By Shareth Ben, Insider Threat SME at Securonix
In the first part of this series, we discussed how insider threats can be mitigated by a well-thought-out insider threat program that includes people, processes, and technology. This article dives deeper into the technology part of that equation. We’ll discuss what to look for in technology tools to best combat insider threats, where to start once you have those tools, and how to put the people and processes together with technology in order to achieve the best outcome.
What type of technology is required?
The ideal technology platform for insider threat combines technical and non-technical indicators of insider risk in order to compute a risk score that can be used to prioritize alerts for escalation and triage.
The following functionalities are critical factors to look for in an insider threat detection and management technology.
The tool should have the ability to ingest a variety of technical and non-technical indicators of use activity. This is typically done using connectors and collectors of various types depending on the target system.
Normalize, Aggregate, and Correlate
The tool should have the ability to normalize, aggregate, and summarize the user activity in preparation for data analysis and machine learning.
Insider Threat Specific Content
The tool should come with the necessary out-of-the-box content to meet your basic insider threat monitoring needs. It should also provide the ability to create custom content for industry-specific use case requirements. The detection mechanism should consist of standard rule-based violation triggers and user behavior-based anomaly detection. It is this combination that proves to be most effective against insider threats.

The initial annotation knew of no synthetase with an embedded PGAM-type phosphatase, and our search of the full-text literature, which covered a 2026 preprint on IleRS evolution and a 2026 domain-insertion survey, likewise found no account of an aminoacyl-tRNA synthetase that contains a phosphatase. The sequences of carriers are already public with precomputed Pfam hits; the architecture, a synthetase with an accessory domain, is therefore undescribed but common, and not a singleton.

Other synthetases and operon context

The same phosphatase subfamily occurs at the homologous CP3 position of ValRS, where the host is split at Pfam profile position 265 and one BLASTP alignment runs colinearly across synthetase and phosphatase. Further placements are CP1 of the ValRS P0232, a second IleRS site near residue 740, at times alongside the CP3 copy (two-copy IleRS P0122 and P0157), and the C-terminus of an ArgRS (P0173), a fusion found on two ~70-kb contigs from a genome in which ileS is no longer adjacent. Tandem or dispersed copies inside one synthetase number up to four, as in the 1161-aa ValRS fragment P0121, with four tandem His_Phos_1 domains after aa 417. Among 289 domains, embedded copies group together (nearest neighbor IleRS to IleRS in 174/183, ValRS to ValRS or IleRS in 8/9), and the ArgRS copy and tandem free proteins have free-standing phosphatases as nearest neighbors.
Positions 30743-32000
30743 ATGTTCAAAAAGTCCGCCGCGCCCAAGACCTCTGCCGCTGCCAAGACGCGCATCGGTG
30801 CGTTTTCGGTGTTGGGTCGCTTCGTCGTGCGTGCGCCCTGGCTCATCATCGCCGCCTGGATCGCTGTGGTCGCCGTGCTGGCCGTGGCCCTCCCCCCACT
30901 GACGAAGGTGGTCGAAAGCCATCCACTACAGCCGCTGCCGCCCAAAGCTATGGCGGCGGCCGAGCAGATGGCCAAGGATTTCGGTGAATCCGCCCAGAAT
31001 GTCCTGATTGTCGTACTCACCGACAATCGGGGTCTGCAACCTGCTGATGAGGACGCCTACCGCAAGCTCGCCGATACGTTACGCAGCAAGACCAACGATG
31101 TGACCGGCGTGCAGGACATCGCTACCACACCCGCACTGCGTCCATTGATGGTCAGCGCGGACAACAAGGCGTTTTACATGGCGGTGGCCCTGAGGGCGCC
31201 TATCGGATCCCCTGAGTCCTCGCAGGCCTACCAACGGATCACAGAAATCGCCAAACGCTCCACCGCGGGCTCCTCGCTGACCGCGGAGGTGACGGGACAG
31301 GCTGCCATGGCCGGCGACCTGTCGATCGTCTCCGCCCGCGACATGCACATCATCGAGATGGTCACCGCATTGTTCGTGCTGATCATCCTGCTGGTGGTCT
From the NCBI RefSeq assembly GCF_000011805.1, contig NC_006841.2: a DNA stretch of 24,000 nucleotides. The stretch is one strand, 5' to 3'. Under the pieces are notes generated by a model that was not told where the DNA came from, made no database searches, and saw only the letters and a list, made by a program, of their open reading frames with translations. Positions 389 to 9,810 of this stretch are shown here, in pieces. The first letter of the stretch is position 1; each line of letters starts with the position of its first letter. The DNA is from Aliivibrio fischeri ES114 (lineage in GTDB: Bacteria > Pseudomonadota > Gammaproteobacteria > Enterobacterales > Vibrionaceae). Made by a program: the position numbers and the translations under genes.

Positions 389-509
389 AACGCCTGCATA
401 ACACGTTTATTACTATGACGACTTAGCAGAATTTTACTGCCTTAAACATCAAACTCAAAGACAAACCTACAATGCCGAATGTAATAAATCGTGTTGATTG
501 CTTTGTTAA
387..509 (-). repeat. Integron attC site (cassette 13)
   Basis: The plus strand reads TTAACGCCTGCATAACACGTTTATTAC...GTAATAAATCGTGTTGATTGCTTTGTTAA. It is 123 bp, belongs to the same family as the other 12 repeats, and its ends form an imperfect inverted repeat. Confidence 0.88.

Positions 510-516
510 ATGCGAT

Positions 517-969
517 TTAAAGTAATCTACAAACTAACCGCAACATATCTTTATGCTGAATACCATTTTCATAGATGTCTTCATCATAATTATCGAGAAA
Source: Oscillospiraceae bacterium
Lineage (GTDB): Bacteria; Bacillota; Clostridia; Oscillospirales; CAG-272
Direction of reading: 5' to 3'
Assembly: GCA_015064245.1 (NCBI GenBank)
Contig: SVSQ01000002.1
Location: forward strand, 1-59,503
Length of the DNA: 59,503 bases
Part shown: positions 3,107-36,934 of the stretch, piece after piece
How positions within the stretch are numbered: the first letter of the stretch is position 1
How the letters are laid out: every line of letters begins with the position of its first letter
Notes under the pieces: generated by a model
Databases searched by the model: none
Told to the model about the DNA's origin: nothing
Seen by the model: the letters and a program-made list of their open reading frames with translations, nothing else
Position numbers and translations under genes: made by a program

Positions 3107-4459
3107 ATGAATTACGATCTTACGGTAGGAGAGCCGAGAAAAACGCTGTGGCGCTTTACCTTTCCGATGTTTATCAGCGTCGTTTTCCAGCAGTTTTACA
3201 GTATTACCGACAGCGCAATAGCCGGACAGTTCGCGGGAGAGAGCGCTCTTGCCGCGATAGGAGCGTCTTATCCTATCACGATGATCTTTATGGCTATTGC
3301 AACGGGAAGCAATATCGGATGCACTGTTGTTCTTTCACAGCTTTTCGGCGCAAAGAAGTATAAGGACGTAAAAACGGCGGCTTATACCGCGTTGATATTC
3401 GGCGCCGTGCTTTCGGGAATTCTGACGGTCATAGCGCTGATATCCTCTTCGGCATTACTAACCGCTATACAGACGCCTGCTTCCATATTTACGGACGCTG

Once the nefarious behavior is detected, the tool should facilitate stitching or chaining individual events into one holistic threat. For example, a user who has been identified as a flight risk is identified as accessing and downloading an abnormal amount or type of data, followed by an attempt to exfiltrate that data.
Once the insider threat behavior has been detected using threat chains, these alerts need to be risk scored in order to prioritize the threats from the noise.
When it comes to insider threats, the situation is seldom black and white. The security analyst requires a tool that can provide the necessary context in order to be able to complete their investigation of the prioritized threats.
Incident Response Workflows
When a prioritized threat is deeded escalation worthy, the tool should facilitate the necessary escalation and triage workflow amongst the concerned parties.
Where to Start
While organizations can decide their own pace for onboarding data based on their insider threat monitoring goals, an iterative approach is highly recommended. We have seen several successful insider threat projects begin with a foundational layer and build incrementally over time to reach a better maturity state.
The following table proposes the types of data that organizations should consider ingesting based on their maturity.
Data Exfiltration Detection
|– Email activity
– USB activity
– Proxy activity
|– Windows authentication logs and security events
– Unix authentication logs (if applicable)
– Single sign-on (SSO) logs
– Critical database activity logs
|– DLP monitoring
– Endpoint monitoring
– Content sharing logs (Box, Dropbox, etc.)
– SharePoint logs or similar
|– Unix audit logs if applicable
– PAM logs
– Endpoint detection and response (EDR) logs
– AWS CloudTrail logs
– SSO logs
|– File integrity monitoring
– Business-specific applications
|– Business-specific application authentication and activity logs
– Data sources that are identified as business-critical
What does an ideal program look like in terms of people, process, and technology?
Going back to the initial formula, let’s put the pieces together for an effective and practical insider threat program.
An insider threat working group (ITWG): Defines the risk appetite specific to the organization and drives consensus across key business units including HR, legal, compliance, IT security and lines of business.